Girls Got Rhythm festival packs a punch
Rock 'n' roll heaven descends upon St. Paul in a three-day flurry of girl garage, power-pop, and punk-rock bands from around the world for Girls Got Rhythm Fest. From influential '60s rockers Ronnie Spector and Nikki Corvette to late-'80s L.A. garage greats the Muffs to Tokyo's punk-a-billy 18.104.22.168's (featured in Quentin Tarantino's Kill Bill) up through today's women-on-the-verge L'Assassins, White Mystery, and the Pinsch, one dozen female-fronted bands will steal the spotlight at the Amsterdam Bar and Hall this weekend.
GGRF was founded by METRO magazine editor-in-chief and former Radio K music director Dana Raidt, who hosts the Girl Germs radio show and podcast, and prolific musician/producer/composer Travis Ramin, co-owner of Ramo Records and organizer of the Turf Club's Rock Action events. A year ago, the friends of 12 years met at Element Wood Fire Pizza and hatched the plan to "cross-contaminate" to organize the first edition of this all-female fest.
Raidt's inspiration for bringing women rockers to the forefront began with the Girl Germs radio show and podcast, and music journalism for Venus zine in Chicago. "The CD promo materials for female-centric groups were always, 'file under Sleater-Kinney,'" she recalls. "Or Blondie or Ani DiFranco. I began to pick up there was some latent — maybe subconscious — sexism in independent music. I wanted to bring to light some of the bands that get lost in that shuffle."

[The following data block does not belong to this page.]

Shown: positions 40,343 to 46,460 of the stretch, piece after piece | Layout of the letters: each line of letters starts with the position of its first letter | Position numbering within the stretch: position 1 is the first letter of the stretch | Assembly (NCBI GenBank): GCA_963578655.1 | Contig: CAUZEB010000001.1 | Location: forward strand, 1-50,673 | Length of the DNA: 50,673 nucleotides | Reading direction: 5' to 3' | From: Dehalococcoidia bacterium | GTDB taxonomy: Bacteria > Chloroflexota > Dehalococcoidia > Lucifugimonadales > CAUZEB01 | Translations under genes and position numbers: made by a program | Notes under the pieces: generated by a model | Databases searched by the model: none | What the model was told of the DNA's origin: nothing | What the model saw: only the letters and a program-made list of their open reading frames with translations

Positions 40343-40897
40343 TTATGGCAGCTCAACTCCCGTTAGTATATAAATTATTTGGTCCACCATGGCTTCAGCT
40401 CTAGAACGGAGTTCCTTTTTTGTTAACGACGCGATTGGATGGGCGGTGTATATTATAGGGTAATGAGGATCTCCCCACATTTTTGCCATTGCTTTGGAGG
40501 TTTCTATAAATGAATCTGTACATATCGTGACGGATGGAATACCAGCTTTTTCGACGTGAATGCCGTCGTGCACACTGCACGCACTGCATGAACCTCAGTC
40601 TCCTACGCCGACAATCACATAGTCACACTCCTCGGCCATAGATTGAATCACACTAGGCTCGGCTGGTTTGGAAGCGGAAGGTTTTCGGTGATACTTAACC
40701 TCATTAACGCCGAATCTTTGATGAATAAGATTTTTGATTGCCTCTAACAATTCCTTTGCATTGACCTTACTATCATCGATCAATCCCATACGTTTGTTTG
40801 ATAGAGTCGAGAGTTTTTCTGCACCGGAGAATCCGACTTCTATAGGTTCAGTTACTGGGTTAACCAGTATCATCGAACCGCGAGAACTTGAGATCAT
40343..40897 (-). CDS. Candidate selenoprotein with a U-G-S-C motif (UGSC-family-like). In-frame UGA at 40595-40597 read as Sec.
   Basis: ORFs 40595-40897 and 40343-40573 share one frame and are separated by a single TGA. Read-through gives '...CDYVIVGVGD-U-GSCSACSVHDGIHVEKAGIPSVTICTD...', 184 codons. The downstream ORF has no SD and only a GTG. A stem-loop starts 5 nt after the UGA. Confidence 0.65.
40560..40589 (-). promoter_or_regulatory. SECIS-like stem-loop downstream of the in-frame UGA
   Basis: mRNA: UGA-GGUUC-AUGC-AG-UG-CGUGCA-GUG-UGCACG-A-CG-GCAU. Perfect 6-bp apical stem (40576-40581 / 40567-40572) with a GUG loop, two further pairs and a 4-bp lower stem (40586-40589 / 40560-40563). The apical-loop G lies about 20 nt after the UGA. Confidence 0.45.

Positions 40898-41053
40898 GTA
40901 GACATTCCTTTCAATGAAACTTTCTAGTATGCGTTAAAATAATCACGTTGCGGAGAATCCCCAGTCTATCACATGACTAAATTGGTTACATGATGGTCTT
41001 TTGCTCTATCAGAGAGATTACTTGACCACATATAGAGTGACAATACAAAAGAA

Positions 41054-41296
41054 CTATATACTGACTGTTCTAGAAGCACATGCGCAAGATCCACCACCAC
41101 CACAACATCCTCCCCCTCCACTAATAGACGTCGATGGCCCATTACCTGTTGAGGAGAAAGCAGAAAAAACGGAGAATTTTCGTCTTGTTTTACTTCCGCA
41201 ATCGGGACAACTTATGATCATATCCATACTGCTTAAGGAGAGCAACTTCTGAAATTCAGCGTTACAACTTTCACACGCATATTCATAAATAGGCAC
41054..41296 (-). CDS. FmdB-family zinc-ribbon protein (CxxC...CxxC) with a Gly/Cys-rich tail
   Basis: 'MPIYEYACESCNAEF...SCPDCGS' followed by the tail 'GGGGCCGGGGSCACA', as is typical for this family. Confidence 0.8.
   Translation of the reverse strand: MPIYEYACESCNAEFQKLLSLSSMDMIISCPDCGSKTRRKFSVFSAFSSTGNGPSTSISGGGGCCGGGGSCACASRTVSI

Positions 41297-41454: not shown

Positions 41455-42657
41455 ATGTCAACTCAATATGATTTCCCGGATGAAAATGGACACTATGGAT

Ramin, known for playing with the Fevers, the Short Fuses, and now the Ramones-esque band Juvies, has performed with several GGRF artists. "Everyone I either know or have met in the world of music," he says. "I've played with Ronnie Spector's guitarist and with Detroit's Nikki Corvette for 10 years when she lived in L.A. Most of the people playing are friends, or friends of friends."
He was inspired to invite Rock and Roll Hall of Famer Ronnie Spector after having seen her during a sold-out two-night run at the Dakota Jazz Club a couple of years ago. "It was amazing," he says. "Like seeing Elvis. It's not a nostalgia thing. She kicks it out. You might cry."
Once Spector was on board, getting the other bands fell into place, and it seemed ideal to feature a bunch of bands inspired by Spector's breakthrough pop, and existing friendships with the Muffs and the 22.214.171.124's from Ramin's past touring didn't hurt either.
"They are Ronnie Spector maniacs," he says of the latter act, noting that one member is named Ronnie Yoshiko.
Plus, Ramo Records reissued a recording the '80s L.A. new wave/punk act the Little Girls, another GGRF performer, had with Clem Burke and Nigel Harrison of Blondie. Although they're in their 50s, they're still like maniac teenagers, he confirms.
In all, the result is a decidedly multigenerational affair with fans and musicians well into their 60s and some much younger as well. "New bands like L'Aassassins were like, 'We LOVE Nikki Corvette, we love Ronnie Spector!'" Raidt says. "They cover two songs of the Trashwomen, Tina of the Midnite Snaxxx's other full band. It's all connected. I'll probably be one of the people crying. I'm excited for everyone, and that everything is so cohesive. It's diverse but makes sense."
Performances span Friday, Saturday, and Sunday — the last of which is an all-ages Mother's Day show. "If this show is not packed and jumping, I might have to declare this not a rock 'n' roll city!" Ramin adds with a laugh. "What more do you want?"
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